Your knowledge is highly regarded. My son (Michael) also a forum member relied alot on your advice when he first bought his Galaxie. We ( or I) was convinced it was a 406. The heads were the C3-6090-C castings w/shorty headers, single cast 4 bbl. intake. Upon disassembly we found it to be 390 bore. A little disappointed we had the block bored .040, crank ground.010/.010. The block has C3 casting, date code is 3 22 w/ large V S cast mark above date code. Has 5 DIF casting. The block had typical main webs,C3-6015-H block casting ( I think), C3 rods & crank. Aluminum pistons were standard before bore job.It has a hydraulic cam w/ non adjustable rockers. Brass core plugs have square head concave behind starter & mtr. mnt. and raised square head on the others. They have Lincoln F-1 and 1 1/2" markings. The machinist assured us the block still had some meat left after the boring was done. Hope you'll stick around awhile.Any comments or more info on the marine blocks is appreciated. Thanks , Leland
This message has been edited by lhstanford on Jun 26, 2012 8:34 AM
Guys, if you ever need any marine info, give me a buzz at http://www.chriscraftcommander.com, I have a ton of (marine) stuff there and I am very happy to share it all here. Some of it may be of use to someone here, although most is not as technical as many here would like. I noticed what seems to be an error on the Interceptor catgalog info, because the 352 had a 4.00" bore, and the 360 and the 390 both have a 4.05" bore.
Interceptor used a TOTALLY different way to cool their engines as opposed to what Chris Craft used, but i think the basic marine blocks provided by Ford were the same to Eaton Dearborn Marina as they were to Chris Craft.
Photos below are INTERCEPTOR from a Century Resorter, but this one is a 427.
Anyone needing flow diagrams or more photos to do a restoration of one of these for marine use, send me a note at the link above and I'll be happy to help if I can.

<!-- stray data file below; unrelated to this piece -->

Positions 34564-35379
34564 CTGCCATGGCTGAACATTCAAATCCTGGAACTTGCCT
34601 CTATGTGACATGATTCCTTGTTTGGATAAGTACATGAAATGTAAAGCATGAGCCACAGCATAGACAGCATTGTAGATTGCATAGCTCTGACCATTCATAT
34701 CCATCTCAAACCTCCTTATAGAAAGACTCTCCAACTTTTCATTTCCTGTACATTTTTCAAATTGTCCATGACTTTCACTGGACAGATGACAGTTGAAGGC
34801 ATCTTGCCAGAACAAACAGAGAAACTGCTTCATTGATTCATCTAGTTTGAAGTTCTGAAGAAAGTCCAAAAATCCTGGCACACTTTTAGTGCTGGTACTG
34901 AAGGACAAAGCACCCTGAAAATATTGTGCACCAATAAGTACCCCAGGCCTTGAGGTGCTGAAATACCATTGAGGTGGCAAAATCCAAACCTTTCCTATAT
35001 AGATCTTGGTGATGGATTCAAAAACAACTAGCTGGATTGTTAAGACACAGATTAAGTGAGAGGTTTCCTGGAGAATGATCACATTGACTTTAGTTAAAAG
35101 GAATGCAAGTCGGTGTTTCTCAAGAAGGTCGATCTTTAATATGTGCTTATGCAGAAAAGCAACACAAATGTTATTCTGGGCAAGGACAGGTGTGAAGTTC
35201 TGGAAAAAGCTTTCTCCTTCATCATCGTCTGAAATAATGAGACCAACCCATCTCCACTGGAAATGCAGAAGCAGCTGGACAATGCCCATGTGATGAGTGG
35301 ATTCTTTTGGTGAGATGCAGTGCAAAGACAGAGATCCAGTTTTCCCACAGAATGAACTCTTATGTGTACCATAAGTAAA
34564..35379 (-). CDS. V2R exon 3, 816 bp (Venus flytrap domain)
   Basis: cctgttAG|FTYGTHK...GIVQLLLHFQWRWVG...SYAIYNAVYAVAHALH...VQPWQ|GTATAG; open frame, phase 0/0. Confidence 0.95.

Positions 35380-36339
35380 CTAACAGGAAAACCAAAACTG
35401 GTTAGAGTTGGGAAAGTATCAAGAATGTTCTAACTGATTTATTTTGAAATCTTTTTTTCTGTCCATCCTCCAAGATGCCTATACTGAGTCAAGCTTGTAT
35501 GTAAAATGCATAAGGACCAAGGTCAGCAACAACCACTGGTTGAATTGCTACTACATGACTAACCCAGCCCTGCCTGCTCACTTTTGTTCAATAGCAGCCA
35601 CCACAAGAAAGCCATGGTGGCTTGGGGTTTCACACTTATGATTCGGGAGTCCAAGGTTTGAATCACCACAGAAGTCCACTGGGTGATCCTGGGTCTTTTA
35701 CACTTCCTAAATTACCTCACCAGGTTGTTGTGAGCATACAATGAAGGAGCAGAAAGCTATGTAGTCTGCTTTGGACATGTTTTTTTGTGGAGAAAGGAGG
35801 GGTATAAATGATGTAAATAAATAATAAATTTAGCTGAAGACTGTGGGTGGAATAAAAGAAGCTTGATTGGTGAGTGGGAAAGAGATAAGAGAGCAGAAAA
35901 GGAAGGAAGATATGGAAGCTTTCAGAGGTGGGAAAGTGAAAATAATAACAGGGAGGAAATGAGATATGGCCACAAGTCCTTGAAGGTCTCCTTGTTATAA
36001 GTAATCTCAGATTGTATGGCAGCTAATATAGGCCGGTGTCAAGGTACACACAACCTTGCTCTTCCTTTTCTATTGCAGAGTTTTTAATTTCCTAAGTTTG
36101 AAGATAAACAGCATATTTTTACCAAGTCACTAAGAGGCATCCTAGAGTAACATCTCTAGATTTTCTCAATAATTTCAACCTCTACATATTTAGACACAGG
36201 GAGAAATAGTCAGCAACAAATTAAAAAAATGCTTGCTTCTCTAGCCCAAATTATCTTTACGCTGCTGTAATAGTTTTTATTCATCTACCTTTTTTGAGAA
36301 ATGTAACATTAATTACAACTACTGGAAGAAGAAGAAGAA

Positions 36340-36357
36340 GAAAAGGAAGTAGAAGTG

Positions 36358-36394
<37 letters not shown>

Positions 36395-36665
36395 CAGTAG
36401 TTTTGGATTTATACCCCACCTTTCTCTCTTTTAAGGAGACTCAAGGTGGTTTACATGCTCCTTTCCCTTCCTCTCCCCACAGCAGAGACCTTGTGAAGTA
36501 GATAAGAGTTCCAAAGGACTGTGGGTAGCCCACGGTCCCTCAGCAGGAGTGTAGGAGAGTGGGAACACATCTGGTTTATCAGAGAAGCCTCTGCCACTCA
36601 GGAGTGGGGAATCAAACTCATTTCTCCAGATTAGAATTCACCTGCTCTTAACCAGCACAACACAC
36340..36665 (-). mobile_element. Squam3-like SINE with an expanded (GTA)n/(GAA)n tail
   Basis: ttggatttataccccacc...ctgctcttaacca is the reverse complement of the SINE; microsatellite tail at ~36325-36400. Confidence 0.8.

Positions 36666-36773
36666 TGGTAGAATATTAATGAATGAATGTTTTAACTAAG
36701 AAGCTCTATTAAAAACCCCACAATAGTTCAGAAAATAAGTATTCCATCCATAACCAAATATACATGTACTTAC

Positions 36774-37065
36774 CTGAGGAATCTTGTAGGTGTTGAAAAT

I have been told in the past that Higgins Boat Company also used Interceptor motors and one guy claimed he had a 400-horse version of the 390 in his runabout. He replaced the iron heads with aluminum Eddy heads and was VERY disappointed at the results, perhaps he got the wrong cc combustion chambers, but it appears the motor he had originally had some better equipment than what he got from Edelbrock.
This message has been edited by FEfinaticP on Jun 26, 2012 9:22 AM
I've had half a dozen outdrive and outboard boats never saw a straight prop shaft up close
June 26 2012, 9:07 PM
So I don't know and wondered how what looks to be a very inline connection was made as contrasted to an angle that "works" a U-joint. Eric hope you get your jolly's baiting my ass, just because I've owned at least a dozen FoMoCo Marine Motors and have the dealer books from Ford Industrial and a few Holman Moody marine sheets/pricing. I just added my two bits. Your the one that proclaims I'm an expert.
I do know a single screw straight drive will test the living hell out of any captain backing into a slip even without breeze or currents - BTDT
This message has been edited by qikbbstang on Jun 26, 2012 9:21 PM
That bronze thing is actually bronze for sure, and it is a threaded cup with a hole big enough for the stainless steel drive shaft to go through it, and the bottom of the boat. Inside the bronze cup are circlips of what looks like rope, but it is packing compound and often impregnated with a waxy substance or teflon. This assembly is screwed in so it compresses the packing against the shaft, but only to the extent where it will continue to drip a bit for lubrication.
Pretty simple and long lasting, been doing it this way ever since they put motors in boats, with the exception of the more modern outdrive units of course.